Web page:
In Paris if you need to buy last minute food, you climb down the stairs and run to your local grocer, "l'epicerie," or "chez l'epicier," that's your local grocer.
It is often a charming cramped store, usually titled like " La Ferme Vaneau" which is not a farm but just a grocer. The fake farm has an incredible assortment of products, produce, wines and waters in the tiniest square feet you can imagine. The grocer may look down on you like you are an intruder, but if you politely say, " Bonjour Monsieur," he will become amiable, and if you talk of the soccer game you can hear streaming on the radio in the back store, then he will be, to you, downright adorable. If more than one customer is in, people are very careful to line silently, and not touch each other in aisles that are like 1/5 of an airplane aisle.
If while you are paying, another customer comes intruding, doesn't say " Bonjour Monsieur," and starts moving products on the shelf to check the labels, the grocer will look up at you, while giving you back the change, with the martyre air of a beaten puppy. You will smile back with the compassion of someone who understands deep down the depth of humanity issues, and he will give you a Carambar for free. A Carambar is a soft sort of caramel. Any child in france knows what a Carambar is.
But, if you are not looking for a last minute food at the foot of your apartment, then you treat yourself to " La Grande Epicerie " or the Big Grocer. It is at the foot of the Bon Marche, and for sure the Reporter had reported on it before on this splendid blog. But, today we entered a new phase since, about a few months ago, the Grande Epicerie ended its full remodeling to something absolutely grand.
So the Reporter had to visit it on her first days in Paris,
So there, she could ogle at the veggie stands, a favorite,
another stand of vegetables, so another favorite,
and the tomato stand, a favorite too,
then the fish stand of course, her favorite, or " La Poissonnerie " with its awesome mosaic wall,
and then next, she went on to the sweet delicacies,
so two brands of " copeaux de chocolat" which simply means chocolate chips really, which you buy to make your hot chocolate at home, so you have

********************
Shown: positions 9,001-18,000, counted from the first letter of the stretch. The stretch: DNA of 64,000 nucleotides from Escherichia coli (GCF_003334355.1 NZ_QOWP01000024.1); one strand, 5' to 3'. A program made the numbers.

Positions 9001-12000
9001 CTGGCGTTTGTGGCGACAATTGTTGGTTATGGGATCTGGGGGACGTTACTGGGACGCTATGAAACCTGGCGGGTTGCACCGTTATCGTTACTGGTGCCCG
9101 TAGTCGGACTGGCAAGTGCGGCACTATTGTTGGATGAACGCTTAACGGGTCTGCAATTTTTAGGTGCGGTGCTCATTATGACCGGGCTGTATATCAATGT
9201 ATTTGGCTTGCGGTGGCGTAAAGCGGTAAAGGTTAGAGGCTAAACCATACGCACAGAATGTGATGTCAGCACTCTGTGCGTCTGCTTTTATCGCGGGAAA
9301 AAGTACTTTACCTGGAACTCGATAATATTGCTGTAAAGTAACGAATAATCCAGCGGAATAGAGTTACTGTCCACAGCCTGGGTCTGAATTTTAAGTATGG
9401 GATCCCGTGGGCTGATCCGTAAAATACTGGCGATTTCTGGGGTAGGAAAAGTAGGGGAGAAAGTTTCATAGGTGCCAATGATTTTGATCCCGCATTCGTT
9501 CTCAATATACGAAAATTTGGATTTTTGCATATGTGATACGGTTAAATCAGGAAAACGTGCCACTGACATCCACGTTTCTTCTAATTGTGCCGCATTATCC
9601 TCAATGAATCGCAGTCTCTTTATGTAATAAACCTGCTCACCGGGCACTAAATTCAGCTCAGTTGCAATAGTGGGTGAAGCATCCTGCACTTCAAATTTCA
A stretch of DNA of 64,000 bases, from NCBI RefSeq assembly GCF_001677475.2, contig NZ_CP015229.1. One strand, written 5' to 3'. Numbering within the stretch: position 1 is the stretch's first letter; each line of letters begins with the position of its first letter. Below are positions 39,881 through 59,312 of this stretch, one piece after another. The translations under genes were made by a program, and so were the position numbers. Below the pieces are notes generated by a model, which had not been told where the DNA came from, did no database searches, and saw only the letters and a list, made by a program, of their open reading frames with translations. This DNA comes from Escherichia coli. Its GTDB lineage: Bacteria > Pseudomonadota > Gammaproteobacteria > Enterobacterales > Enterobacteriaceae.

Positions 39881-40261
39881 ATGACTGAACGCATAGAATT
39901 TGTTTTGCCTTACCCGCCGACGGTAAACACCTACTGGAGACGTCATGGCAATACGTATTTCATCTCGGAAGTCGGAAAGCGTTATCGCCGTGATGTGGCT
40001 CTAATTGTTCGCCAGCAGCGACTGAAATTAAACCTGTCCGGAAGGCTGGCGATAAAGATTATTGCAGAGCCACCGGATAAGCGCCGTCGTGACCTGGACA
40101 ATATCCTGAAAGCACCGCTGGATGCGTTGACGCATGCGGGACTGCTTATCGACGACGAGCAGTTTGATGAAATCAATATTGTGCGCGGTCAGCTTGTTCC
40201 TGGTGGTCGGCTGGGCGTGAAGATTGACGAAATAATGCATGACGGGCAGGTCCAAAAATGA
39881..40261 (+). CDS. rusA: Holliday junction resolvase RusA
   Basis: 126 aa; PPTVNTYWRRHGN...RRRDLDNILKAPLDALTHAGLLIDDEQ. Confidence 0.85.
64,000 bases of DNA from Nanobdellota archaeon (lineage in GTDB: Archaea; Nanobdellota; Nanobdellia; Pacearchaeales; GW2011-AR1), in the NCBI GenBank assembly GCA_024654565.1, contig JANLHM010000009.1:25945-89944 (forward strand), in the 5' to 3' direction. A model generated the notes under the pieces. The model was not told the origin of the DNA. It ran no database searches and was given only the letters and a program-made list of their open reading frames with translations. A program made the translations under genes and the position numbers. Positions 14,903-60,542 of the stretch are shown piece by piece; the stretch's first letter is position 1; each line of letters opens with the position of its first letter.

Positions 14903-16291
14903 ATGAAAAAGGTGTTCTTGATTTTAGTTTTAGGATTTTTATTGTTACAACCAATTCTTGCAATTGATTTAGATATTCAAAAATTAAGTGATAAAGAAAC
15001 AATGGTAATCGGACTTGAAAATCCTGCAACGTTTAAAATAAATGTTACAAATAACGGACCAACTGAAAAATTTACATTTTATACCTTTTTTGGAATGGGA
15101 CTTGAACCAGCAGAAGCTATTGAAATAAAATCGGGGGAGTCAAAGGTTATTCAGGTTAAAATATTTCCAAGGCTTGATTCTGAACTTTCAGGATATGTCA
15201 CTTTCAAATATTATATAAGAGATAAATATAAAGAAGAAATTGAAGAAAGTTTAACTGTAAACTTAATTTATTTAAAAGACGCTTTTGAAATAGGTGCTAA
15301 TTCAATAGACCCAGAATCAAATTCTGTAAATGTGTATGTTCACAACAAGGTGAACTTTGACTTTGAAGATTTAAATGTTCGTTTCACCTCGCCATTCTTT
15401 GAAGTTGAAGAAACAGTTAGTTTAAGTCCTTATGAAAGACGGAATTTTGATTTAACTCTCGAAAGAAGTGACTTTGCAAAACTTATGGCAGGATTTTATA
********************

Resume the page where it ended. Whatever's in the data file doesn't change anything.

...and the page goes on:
" La Maison Bonnat " a very old french alps company, and they get their chocolate from Trinidad, Ceylon, Hacienda Rosario [ Venezuela ], Chuao, Madagascar, so, as you see it is a very respectable house, la Maison Bonnat. So this is the can :
or the second brand, so called " Dolfin" pronounced < doll-feng > and honestly this is a Belgian chocolatier so, you will understand, that can is looked at with some circumspection by the french.
So move over, Nesquick.
Then the Reporter stopped at the Raviolis stand, because after a hot chocolate to warm you up, you do need some raviolis to maintain weight,
and then she stopped to check on the " patisseries " the sort of chi chi pastries that the french love to make.
So there was an assortment of eclairs and "religieuses" a word that means " nuns" and that is the name given to a pastry very much like an eclair, except its shape is round with a little round mound on top and some whipped cream. On the pic, the nuns are on the left side.
lots of whipped cream as you see, not at all in the limited tastes of the Reporter, but the Parisian will love their "religieuses," and eat them religiously as it should be done.
Then we have the inevitable little " macarons "
" le thé Jardin du Luxembourg " or the tea " Garden of the Luxembourg " which is located just a few blocks away from the Grande Epicerie. When you are a child, after school around 4 pm you go to the Jardin du Luxembourg to play hide and seek, and run for your life from your friends from school.
The Reporter stopped then by the " Cremerie" at the Grande Epicerie, where there is a whole wall dedicated to creme fraiche, which is heavy cream. This just shows how the french need to have a choice for their heavy cream.
Somewhat saturated with this display, the Reporter hopped onto some other department at the Bon Marche where they had some other exquisite delicacies,
Then from these, the Reporter left the Bon Marche, this entreating den of small iniquities to stop and gaze pensively at her very beloved florist,
Then the Reporter went home, visually brimming with so much beauty galore.
With all love,